I follow the pitch and belay Dani on the next one. It’s definitely not getting easier. With pendulums, 90? steep and extremely thin ice and tricky mixed terrain, the climbing is very demanding and climbing away from each piece demands our full concentration. After these two pitches, Dani is done and I take over the lead again. Although I am bit tired from the first part of the route, which I led, we have to climb a couple more pitches before it gets dark in order to stand a reasonable chance to reach the summit the next day.
At dusk, we put up our tent. More than half of it sticks out over the void, but it is going to protect us from the icy wind and the annoying spindrift. The next morning, we are greeted by perfect weather again. According to our forecast, this is not going to last too long anymore, and thus we decide to leave our bivy gear here. All we put in our backpack are a couple bars, a liter of water, and a bit of cord for the rappels. Like Bridwell, we hope we’re going to draw aces.
After three pitches, we are below a large roof. Dani has led until here, but he can’t get past the huge snow mushrooms, which are suspended menacingly above us. I lower him down to myself, we switch the ends of the rope, and I attempt the tricky section. With two pendulums, I manage to bypass the roof. We traverse rightwards and can almost feel the icefields leading to the top. In between them and us is another roof though, which we hope to bypass on the right.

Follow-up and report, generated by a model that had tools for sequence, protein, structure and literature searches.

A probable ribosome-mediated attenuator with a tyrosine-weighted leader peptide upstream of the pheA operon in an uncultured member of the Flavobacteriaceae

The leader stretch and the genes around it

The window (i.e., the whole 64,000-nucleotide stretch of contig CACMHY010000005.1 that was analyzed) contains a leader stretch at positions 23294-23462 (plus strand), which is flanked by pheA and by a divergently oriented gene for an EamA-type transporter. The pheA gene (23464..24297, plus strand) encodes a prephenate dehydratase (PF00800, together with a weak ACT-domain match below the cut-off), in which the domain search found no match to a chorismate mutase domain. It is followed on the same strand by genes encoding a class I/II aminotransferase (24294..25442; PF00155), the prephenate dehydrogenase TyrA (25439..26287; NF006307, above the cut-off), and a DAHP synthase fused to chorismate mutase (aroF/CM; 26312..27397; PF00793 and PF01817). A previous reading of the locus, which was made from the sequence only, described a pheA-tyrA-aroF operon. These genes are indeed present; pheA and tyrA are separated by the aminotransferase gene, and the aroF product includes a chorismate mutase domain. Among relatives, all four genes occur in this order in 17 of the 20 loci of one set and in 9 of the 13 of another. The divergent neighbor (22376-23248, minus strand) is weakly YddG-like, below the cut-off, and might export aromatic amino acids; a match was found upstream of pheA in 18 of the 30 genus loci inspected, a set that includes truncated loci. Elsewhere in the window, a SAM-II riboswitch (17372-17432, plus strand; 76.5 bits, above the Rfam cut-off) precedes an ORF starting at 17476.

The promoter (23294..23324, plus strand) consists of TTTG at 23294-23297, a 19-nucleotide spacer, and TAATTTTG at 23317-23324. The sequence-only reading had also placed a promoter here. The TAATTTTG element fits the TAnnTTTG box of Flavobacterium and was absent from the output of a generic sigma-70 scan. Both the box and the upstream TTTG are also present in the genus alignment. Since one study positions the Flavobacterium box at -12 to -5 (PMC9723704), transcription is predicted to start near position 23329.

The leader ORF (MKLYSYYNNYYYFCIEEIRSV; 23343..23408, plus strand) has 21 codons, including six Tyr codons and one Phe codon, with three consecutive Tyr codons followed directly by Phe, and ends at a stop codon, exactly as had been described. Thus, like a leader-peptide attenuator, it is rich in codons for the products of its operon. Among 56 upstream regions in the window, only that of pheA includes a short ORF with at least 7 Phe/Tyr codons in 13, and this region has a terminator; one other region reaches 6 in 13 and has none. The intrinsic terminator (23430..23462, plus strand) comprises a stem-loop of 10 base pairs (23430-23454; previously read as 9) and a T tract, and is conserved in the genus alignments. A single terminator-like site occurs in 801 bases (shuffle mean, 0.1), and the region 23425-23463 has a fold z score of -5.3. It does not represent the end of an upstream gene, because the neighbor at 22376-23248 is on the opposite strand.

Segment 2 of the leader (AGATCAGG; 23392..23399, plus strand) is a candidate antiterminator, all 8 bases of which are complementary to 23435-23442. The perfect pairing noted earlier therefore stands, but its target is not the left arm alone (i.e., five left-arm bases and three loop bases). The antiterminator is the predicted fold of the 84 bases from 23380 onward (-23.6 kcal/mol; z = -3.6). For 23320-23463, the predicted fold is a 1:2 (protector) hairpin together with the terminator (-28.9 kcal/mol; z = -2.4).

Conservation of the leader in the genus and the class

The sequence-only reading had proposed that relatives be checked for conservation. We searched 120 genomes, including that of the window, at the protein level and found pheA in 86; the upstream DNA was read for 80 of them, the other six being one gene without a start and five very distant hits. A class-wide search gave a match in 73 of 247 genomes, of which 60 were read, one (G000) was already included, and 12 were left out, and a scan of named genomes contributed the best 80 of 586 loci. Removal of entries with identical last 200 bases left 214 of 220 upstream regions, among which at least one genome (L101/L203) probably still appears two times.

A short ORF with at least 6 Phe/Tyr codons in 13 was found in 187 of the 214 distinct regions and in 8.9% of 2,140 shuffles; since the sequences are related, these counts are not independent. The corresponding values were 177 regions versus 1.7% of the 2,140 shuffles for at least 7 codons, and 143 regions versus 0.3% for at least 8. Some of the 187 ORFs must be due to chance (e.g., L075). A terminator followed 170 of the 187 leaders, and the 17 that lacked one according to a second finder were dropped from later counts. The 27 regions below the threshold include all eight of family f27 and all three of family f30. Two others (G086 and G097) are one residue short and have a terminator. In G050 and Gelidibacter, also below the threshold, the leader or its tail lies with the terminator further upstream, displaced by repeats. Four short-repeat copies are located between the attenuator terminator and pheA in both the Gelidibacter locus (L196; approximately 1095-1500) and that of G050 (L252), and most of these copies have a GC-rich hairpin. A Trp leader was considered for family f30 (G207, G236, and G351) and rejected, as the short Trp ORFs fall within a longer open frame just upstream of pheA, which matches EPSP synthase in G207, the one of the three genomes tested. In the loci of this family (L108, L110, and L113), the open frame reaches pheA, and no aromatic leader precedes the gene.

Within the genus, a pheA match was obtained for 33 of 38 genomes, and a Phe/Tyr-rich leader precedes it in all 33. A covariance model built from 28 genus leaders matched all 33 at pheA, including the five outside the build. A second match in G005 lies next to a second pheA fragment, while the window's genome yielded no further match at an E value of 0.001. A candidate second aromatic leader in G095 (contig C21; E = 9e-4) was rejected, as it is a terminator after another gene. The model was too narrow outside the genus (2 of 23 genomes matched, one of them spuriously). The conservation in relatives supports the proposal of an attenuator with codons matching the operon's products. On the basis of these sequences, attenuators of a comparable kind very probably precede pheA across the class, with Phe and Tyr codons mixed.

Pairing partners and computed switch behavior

I navigate reasonably difficult mixed terrain, climbing up until I’m under a big snow mushroom and then make a rightwards traverse for two or three meters to cautiously climb up next to it. The snow formation looks extremely fragile, and I’m aware that I shouldn’t touch it. I’m almost above it when I finally get good gear in, which I hold on to. I place my ice tool on a small crimp. As I want to put weight on the tool, part of the crimp breaks. I immediately catch myself with my left hand, which holds on to my pro, but I still lightly touch the snow mushroom, which then collapses. Hundreds of kilograms of snow fall onto the ropes and pull me down. The pro holds, and Dani is fine too, even though the weight of the snow pulled one the pins at the anchor.
Once Dani has put the pin back in, I climb on and two more pitches put us to the start of the icefields leading to the summit. At six pm, we both stand on the summit of the Moose’s Tooth.
We can hardly believe that we managed such a dreamy line on our first climb in Alaska. A couple days ago, we were at home, and now we stand on the summit of this impressive mountain. But before we can consider it done, we have to get back down to basecamp. A long descent with many rappels over our route begins. Because we mostly use ice threads for rappelling, we leave almost no gear. We are extremely content about our line, which we name Bird of Prey (1500m, 6a, M7+, 90°, A2) and which I think is worthy of the idea of Bridwell and Stump about climbing in this wall.
48 hours after starting, we are back in basecamp, very much done. This is indeed the fucking life, Jim!